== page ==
The Counselling Relationship


Over the decades since therapy took a hold in the popular imagination in the nineteen-fifties the counselling relationship has been depicted as everything from a subject of ridicule to a complicated mystery. 

Actually it’s an essential part of the healing journey. Just as little children grow up best with kind, loving, nurturing parents with good boundaries, when we need to heal our lives, we also need similar experiences with a therapist. 

I work to build trust and safety so that my clients can explore past and present experiences. As well as understanding an individual’s problems, I seek to discover a client’s strengths and resources. The counselling relationship is a context where the client can learn to practice new or different skills for a healthy relationship with self and others.

People often think they have to change. Changing behaviours may be helpful or necessary. However, sometimes the desire to change is based on a non-accepting, critical or judgmental attitude toward the self. I support my clients to practice self-discovery and self-awareness with kindness, to accept who they are, and then seek to change in ways that are respectful of their capacities and starting point. Compassionate self-acceptance is, perhaps paradoxically, essential for real or lasting change to take place.

What is meant by The Psyche?

I view the psyche as fundamentally capable of healing and integration. The psyche, in my view, (which is not a traditional view) is the whole of any person: mind, body, emotions and spirit. It is the present expression of everything you have ever experienced and all the ways you have “digested” your life experiences, whether you can recall them or not. Just as our bones start the business of healing within hours of a break, so our psyche will naturally heal if we are willing and give ourselves supportive conditions for healing. I trust that the psyche will reveal itself through therapy. Its wisdom is often visible in dreams, in creative work clients bring in, in moments of intuition we share. I trust the client’s psyche to guide us, as I also trust my own experience, knowledge and awareness.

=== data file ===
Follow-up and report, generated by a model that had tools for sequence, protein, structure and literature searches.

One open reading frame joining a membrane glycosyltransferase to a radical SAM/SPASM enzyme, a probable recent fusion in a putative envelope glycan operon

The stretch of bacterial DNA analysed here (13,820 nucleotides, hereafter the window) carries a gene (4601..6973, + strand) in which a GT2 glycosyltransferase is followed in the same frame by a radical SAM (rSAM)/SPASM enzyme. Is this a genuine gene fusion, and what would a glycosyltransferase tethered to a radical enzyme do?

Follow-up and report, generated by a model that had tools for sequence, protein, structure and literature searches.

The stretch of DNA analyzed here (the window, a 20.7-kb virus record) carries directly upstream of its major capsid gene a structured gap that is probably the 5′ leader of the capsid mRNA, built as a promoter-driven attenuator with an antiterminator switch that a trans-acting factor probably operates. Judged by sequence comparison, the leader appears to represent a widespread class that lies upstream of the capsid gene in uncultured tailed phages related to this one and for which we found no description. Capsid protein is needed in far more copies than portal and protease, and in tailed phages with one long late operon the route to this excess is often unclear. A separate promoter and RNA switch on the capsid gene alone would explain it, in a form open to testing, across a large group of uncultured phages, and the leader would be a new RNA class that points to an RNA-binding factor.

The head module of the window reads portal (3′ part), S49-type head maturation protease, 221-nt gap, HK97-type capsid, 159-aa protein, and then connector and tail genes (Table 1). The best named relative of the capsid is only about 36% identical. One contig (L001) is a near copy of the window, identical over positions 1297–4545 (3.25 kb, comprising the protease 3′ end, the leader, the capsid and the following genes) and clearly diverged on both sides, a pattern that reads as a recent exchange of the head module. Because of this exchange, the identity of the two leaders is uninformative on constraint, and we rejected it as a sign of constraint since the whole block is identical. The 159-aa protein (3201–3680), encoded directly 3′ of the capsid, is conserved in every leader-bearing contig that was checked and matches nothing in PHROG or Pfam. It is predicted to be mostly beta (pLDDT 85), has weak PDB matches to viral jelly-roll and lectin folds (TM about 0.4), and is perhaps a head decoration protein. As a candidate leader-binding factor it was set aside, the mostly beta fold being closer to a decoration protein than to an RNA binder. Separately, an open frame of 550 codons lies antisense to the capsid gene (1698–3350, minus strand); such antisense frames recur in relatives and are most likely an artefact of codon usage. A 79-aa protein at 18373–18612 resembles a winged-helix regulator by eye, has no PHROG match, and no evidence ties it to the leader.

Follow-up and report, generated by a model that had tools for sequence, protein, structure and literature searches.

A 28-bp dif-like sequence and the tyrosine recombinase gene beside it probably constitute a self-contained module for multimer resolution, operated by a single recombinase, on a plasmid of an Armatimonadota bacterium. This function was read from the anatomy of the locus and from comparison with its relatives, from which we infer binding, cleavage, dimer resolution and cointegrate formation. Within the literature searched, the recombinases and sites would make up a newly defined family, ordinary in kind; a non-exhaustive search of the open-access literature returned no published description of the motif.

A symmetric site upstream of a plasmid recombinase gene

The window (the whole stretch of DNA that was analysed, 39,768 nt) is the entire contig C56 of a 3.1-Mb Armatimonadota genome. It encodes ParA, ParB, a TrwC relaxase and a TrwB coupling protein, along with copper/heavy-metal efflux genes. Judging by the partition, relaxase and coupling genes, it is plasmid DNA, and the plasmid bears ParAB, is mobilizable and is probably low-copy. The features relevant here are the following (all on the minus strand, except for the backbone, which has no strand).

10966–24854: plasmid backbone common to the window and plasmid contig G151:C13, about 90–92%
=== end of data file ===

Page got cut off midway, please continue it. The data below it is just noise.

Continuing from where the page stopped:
What role do emotions have in therapy?

Pain and difficult emotions cannot be got rid of. Our emotions, all of them, whether “negative” or enjoyable are potentially a source of self-knowledge and grounded decision-making. When we face what we feel with open interest and self-care (without letting emotions rule us), we become free to live without the past dominating the present. I encourage clients to find ways to accept the emotions that pass through their bodies and awareness, and to express their emotions in safe and healthy ways during sessions, so that they can become freer in their emotional expression with people they feel they can trust.

The counsellor as a teacher

Sometimes teaching is a part of counselling. By teaching elements of mindfulness practice and offering practical tools, clients improve their relationship to their thoughts and emotions. There are many simple conceptual models I use in my work that help my clients see their experience through different lenses, which in turn helps to free them to move ahead in life.

The counselling relationship develops over time. It can go through many phases, but in the end, like a parent-child relationship, the point is for the client to be free to leave, to return to their life, able to go on with life with confidence and relative ease in regard to the things that brought them into therapy.

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